|Action||Amendments Regarding Use of Controversial or Sensitive Instructional Materials|
|Comment Period||Ends 1/15/2014|
Throughout history, those who have supported "book burning" and censoring literature did so in an aim to limit educational freedom in their society. The proposed amendment, however, does the exact opposite. By allowing parents and students to have greater control of what they are exposed to in the classrooms that their tax dollars help build, their freedom to learn is actually being expanded.
Some may believe that it is necessary to expose students to language that depicts graphic sex, pedophillia, and other mature themes in order to properly educate them. If so, teachers and students are still free to explore whichever of these themes they choose in a classroom setting, and their right to do so is not infringed upon. That being said, for those who don't believe that we must explore how a man has sexual relations with animals, as vividly depicted in Beloved by Toni Morrison, to get the point across, this amendment is a relief.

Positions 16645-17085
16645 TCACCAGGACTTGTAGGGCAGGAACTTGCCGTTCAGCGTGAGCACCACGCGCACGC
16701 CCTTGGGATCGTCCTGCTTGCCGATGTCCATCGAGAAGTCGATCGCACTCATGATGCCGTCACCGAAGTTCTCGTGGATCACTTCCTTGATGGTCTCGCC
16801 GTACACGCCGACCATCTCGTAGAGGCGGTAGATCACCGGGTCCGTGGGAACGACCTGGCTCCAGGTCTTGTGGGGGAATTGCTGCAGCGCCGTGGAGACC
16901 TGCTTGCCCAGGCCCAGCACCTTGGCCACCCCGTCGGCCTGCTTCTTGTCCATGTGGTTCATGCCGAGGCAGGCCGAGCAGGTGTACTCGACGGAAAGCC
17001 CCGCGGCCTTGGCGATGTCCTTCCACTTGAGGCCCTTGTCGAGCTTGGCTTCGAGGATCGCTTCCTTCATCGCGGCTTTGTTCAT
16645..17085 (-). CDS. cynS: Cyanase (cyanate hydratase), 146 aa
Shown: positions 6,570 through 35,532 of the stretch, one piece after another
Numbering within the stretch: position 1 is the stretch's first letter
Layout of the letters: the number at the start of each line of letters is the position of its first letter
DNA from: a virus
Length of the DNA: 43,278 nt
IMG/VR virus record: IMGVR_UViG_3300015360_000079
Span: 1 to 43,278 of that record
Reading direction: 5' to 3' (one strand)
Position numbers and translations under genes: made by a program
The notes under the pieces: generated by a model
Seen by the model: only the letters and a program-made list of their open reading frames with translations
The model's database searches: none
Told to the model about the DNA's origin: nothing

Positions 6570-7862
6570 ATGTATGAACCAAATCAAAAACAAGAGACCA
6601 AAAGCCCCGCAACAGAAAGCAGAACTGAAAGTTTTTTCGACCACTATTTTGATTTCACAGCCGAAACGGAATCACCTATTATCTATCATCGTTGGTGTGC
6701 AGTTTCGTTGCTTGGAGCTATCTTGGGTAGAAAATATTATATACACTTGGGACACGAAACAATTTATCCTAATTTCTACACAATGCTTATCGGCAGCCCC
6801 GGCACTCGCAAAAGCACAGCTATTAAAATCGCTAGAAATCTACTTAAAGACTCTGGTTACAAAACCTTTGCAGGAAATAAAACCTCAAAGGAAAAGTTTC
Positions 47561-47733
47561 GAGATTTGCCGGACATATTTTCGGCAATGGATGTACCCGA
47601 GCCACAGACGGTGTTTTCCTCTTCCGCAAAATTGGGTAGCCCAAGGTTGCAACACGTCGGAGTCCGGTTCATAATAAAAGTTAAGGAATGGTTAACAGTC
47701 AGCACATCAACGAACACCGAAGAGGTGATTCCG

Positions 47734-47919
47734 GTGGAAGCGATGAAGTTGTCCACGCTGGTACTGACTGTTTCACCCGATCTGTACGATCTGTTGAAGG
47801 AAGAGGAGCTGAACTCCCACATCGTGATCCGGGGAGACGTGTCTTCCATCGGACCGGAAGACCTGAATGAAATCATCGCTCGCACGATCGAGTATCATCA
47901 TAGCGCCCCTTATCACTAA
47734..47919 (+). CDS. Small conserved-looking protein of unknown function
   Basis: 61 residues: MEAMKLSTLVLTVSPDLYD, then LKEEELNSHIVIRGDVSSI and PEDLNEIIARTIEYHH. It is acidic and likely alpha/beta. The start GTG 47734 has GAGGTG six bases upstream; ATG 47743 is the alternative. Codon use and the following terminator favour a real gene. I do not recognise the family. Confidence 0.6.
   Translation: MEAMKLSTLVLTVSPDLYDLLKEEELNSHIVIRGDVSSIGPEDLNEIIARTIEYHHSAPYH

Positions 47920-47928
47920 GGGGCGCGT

If an English teacher chooses to include this book or others with similar themes into their curriculum, they are free to do so. This amendment simply asks that they notify parents and students before they read the book, as is already the proceedure with FLE programs and in-class videos. If you don't have a problem with the book, then absolutely nothing changes. If you do, you are provided with an alternative assignment, a policy already in place across the state, and everyone is happy.